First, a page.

Is Your Dog Filling Up on Fillers?
When you are trying to find the best dog food and compare dog food, always keep in mind the importance of reading the dog nutrition standards according to AAFCO and understanding the dog food labelling. You want to choose the best dog food, or best pet food, you can when picking from the various commercial choices out there.
Remember that AAFCO can approve products with both high and low quality ingredients, so it is up to you to understand how to decipher all the information.
Since early in 2020, it has been widely reported that many of the dog foods have problems. Not the best dog foods, but the foods with lower quality ingredients. In fact, you probably remember all the pets lost during this time due to poor dog food quality.
Before it was all over, over 39,000 pet dogs and pet cats became extremely sick or died. The cause was the contamination of commercial pet foods with melamine, an industrial chemical. This chemical is used in the manufacturing of plastics and fertilizers. Before it was all over, over 100 brands of pet food were recalled. It seemed that every dog food comparison resulted in disappointing findings.
What you are probably not aware of, is that the major contributor to this problem was rice protein concentrate (or in other words, rice gluten), NOT brown rice. By the way, a little later in that year, in June, acetaminophen (Tylenol) was found in dog food. And then, salmonella was found. Again, not in all the best dog foods, but in many brands.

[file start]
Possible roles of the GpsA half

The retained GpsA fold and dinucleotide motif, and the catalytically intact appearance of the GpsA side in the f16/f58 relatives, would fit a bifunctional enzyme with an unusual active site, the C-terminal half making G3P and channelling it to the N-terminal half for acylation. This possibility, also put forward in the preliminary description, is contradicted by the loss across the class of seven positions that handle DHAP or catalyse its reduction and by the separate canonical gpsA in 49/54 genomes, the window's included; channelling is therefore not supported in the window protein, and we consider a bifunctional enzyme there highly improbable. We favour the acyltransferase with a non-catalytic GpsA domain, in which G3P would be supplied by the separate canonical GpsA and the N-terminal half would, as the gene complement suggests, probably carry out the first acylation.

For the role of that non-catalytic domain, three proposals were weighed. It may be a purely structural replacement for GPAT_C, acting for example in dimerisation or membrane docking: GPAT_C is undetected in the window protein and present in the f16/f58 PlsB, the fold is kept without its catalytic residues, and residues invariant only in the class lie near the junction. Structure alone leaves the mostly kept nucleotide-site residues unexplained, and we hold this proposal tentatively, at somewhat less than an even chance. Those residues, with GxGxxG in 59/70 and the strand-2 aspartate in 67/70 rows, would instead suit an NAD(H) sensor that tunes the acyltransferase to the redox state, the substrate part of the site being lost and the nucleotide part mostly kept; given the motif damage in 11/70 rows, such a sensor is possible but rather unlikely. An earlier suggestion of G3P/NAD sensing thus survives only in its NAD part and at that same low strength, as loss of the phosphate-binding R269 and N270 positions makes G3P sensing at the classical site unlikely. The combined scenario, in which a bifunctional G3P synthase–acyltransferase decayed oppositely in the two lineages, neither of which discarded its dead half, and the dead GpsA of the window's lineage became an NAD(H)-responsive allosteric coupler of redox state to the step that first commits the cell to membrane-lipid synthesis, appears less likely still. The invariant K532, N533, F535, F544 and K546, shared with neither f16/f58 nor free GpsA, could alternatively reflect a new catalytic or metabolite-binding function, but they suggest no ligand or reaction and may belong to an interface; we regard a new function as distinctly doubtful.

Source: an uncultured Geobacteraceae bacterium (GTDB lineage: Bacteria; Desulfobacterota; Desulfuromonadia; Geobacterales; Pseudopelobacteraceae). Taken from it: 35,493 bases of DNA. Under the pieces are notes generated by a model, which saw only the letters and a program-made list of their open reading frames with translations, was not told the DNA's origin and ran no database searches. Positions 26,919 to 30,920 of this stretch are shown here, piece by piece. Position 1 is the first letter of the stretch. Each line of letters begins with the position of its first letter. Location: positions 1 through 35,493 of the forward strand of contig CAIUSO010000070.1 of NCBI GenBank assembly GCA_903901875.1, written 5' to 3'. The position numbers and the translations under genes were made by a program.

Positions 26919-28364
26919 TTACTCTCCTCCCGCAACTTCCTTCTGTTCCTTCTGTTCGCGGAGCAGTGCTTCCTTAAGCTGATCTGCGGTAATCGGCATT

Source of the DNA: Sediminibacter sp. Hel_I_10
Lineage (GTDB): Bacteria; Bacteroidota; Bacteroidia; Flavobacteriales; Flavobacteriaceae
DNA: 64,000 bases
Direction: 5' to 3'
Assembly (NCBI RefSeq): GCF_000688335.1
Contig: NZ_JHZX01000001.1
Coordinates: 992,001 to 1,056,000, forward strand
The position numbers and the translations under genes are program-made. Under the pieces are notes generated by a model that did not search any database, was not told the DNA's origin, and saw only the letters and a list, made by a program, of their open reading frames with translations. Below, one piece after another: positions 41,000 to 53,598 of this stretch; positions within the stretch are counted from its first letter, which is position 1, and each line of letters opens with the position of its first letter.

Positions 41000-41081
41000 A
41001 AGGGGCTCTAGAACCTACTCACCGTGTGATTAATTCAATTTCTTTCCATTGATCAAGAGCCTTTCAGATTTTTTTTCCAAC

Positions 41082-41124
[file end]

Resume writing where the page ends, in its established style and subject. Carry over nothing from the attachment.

Cyanuric acid was also found along with the melamine. And these two chemicals can be deadly when together in enough amounts. In March 2007, these were found in both dog and cat food. If you have never heard of cyanuric acid, it is often used to inhibit the dissipation of chlorine in water such as spas and swimming pools. Obviously, this has no place whatsoever in any recommended dog food.
Now, is was thought back then that, as well as now, that those chemicals were present because by having them in the food allowed the nitrogen content to reported as higher than it otherwise would have been. This was sneaky and unethical. What was really dangerous for our dogs is that the melamine contaminated the rice gluten, yet was listed simply as “filler”. It was not reported anymore specifically than that.
In contrast with the best dog food and best puppy food, lower quality dog food will use as much filler as possible, since this keeps the costs down and the product can be sold inexpensively yet at a profit. By loading up their products, including dry dog food, with bulk, manufacturers can keep their costs down, but our pets pay the price as there is very little nutritional value to these bulk ingredients.
A list of these mostly non-nutritional fillers include:
* Cereal by-products
* Cottonseed hulls
* Citrus pulp
* Peanut hulls
* Corn and corncobs
In the best dog food, quality fiber is used rather than filler. Fillers can cause problems for our dog’s intestinal track. We all need to be aware that as dog food prices continue to rise, manufacturers will continue to increase the use of these fillers to keep their costs down. Hopefully, this wouldn’t apply to the best dog foods, but we need to maintain our vigilance to protect our dogs.
There are also fillers that on the surface seem to have nutritional value, but are really no better than the earlier fillers listed. Items such as meat meals, if they are not of sufficiently good enough quality, are an example. And, with all the plant based materials being used as fillers, our dog foods carry the risks of having herbicide and pesticide contamination. In fact, items that are derived from soy are often cited allergens by veterinarians. Just like in humans, allergic reactions can include coughing, sneezing, runny nose, hives, diarrhea, facial swelling, shortness of breath, swollen tongue, difficulty swallowing, fainting, and anaphylactic shock.
Luckily, the best dog foods and higher quality dog foods are usually free of such by-products. The best dog foods will contain a health combination of nutrients such as carbohydrates, protein, and fiber.